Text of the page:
The Ghana Stock Exchange: An avenue for raising capital and prosperity for all
Finance textbooks will tell you that the stock market is for raising money and efficient price discovery.
These and many other standard reasons offered in the texts are valid, but that is only part of the story.
Increasing the number of listed enterprises on the Ghana Stock Exchange (GSE) can provide valuable benefits to the corporate Ghana and the society at large, even if not all need to raise capital.
The GSE has existed for 33 years, and this number is almost equivalent to the number of listed companies. This situation must change.
Many reasons have been cited for the GSE's limited listings and inactivity over the past two decades. I have heard, "The general public is not interested in buying shares".
Some say our "market is shallow; it lacks depth, and there is no liquidity". Of course, it's not deep if only a few listings exist. Another reason: "There is over-reliance on foreign investors as we don't have a local investor base".
Is that the reality today? We have a vibrant pension fund industry. In the past, it was said that "the stock market is risky; government bonds offer higher returns and are safer."
Indeed. I hope the current events have shattered that reason. We must refrain from inventing new reasons to save us from doing the work necessary to create a vibrant market that serves our society.
Despite the slow progress, some significant events and activity on the market demonstrate that we can do better. MTN, a multinational with no Government of Ghana shareholding, was successfully listed in Sept 2018.
It was not the wish or benevolence of the company and its shareholders that led to the listing. The National Communications Authority, the regulator and representative of the people overseeing the society's telecom infrastructure in Ghana, made it happen. It's been almost five years since MTN was listed.
What has prevented other regulatory bodies from taking a cue from this example? Is it not the same nation, same people, same aspiration, one GSE?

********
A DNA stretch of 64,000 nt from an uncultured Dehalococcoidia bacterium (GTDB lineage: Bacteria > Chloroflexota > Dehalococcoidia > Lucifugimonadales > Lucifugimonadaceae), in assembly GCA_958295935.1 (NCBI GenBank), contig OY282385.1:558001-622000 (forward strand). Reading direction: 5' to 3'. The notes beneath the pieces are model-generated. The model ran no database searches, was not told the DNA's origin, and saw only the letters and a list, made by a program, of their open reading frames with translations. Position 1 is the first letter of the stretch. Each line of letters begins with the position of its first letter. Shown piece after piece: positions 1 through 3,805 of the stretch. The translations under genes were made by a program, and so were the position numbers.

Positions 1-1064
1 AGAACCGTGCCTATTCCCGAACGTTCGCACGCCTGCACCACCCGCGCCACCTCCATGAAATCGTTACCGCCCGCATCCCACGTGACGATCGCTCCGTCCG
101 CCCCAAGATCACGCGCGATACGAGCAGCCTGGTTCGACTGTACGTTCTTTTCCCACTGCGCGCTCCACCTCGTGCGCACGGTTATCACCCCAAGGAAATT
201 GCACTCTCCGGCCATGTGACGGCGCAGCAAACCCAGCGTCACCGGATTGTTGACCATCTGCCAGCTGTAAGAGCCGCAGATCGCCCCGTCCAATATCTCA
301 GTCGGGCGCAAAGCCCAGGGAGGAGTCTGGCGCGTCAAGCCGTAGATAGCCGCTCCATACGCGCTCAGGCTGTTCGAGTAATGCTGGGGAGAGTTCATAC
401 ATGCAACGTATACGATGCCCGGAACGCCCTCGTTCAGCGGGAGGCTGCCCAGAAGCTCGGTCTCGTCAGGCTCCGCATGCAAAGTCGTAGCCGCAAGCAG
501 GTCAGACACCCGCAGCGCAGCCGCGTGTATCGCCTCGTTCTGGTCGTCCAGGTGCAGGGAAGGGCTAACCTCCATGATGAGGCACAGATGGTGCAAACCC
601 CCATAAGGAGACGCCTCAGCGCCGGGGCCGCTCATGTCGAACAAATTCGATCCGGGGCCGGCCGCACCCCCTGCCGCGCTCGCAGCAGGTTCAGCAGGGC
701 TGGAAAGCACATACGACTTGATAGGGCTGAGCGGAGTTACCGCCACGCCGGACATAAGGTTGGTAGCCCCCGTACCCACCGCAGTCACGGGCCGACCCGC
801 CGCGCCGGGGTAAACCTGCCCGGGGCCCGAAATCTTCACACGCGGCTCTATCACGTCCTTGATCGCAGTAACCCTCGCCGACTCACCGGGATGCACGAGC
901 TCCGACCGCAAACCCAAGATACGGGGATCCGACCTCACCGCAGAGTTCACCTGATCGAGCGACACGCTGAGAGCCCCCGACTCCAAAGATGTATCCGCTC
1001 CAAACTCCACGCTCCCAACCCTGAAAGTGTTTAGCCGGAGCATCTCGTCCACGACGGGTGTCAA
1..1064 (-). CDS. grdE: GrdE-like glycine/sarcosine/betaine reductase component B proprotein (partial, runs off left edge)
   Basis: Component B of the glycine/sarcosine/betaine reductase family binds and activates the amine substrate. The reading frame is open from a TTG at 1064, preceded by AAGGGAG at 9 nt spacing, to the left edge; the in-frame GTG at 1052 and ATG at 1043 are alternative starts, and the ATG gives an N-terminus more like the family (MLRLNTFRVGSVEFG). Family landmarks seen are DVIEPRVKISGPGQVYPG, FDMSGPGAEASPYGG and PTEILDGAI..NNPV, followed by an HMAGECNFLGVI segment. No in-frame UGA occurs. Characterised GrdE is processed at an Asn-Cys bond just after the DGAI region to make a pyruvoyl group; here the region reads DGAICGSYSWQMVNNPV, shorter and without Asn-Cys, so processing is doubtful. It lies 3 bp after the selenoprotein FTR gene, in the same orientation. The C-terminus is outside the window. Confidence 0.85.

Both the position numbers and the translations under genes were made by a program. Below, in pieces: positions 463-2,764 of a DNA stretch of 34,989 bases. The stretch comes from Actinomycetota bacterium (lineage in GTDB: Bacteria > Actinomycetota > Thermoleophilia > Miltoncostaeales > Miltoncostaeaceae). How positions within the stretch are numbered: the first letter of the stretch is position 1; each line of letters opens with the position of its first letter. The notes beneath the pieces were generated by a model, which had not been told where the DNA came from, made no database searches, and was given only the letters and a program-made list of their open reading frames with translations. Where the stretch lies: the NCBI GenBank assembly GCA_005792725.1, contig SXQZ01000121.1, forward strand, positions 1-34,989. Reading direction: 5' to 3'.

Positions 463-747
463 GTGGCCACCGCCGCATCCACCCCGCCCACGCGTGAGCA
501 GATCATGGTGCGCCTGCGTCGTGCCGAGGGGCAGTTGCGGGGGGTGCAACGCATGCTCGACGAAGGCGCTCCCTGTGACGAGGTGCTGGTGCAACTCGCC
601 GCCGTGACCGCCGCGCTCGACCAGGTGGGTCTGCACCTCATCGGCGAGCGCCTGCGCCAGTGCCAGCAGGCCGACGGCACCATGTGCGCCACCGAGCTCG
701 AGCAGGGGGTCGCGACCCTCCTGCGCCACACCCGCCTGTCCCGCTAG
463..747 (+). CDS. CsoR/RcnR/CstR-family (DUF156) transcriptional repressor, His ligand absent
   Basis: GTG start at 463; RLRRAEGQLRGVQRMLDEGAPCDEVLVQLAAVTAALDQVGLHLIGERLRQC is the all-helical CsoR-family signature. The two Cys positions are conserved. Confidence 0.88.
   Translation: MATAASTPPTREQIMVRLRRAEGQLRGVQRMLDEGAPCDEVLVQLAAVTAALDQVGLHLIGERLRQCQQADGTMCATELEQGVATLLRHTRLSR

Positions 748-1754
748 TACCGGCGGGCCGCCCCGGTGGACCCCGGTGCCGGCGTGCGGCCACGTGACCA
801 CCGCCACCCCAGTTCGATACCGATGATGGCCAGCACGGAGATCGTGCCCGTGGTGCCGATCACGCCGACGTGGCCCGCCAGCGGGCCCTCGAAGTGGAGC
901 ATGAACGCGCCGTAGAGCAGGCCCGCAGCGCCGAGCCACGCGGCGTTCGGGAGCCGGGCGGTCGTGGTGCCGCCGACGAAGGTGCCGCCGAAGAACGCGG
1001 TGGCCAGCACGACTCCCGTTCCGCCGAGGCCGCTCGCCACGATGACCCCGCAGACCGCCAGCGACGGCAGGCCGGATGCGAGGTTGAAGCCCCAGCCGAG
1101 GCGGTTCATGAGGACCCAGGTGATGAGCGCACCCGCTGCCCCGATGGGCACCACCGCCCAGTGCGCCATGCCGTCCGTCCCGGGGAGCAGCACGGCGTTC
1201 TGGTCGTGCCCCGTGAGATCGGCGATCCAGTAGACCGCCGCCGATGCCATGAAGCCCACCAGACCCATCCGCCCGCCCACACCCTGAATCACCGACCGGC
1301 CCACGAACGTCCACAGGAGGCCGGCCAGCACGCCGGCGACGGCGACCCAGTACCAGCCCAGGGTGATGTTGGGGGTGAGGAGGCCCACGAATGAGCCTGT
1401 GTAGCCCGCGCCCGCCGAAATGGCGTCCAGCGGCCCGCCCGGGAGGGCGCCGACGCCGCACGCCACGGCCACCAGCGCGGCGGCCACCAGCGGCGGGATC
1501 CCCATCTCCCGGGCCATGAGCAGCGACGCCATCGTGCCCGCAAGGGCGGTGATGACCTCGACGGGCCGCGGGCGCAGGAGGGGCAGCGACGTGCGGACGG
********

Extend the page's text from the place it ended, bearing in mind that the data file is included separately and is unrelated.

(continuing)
In Singapore, Lee Kuan Yew understood that creating a vibrant stock market was critical to social reengineering.
In 1978, the government formed the Singapore Bus Service (SBS), listed it on the stock exchange and allowed pension contributors to use up to $5,000 of the pension contributions to buy shares of SBS.
The government "wanted to have the widest share ownership so that profits would go back to the workers, the regular users of public transport. There would also be less incentive to demand cheaper bus fares and government subsidies for public transport".
Singapore's case exemplifies how society can use the market to create a meaningful social change that transforms enterprise activity. I share three main reasons why we must list all public interest companies and others on the GSE.
1. Impact on innovation and income distribution:
Without a stock market or a meaningful system of equity participation in the enterprise, our society becomes highly capitalistic, leading to a "winner takes all" scenario. Labour gets their wages, and the shareholders take the profits.
There is no opportunity for any employee to participate in the wealth creation process that they are part of.
This "winner takes all" system affects societal welfare, wealth creation and stability. No matter how labour tries, labour has no opportunity to participate in the prosperity she supports to create in society beyond her wages.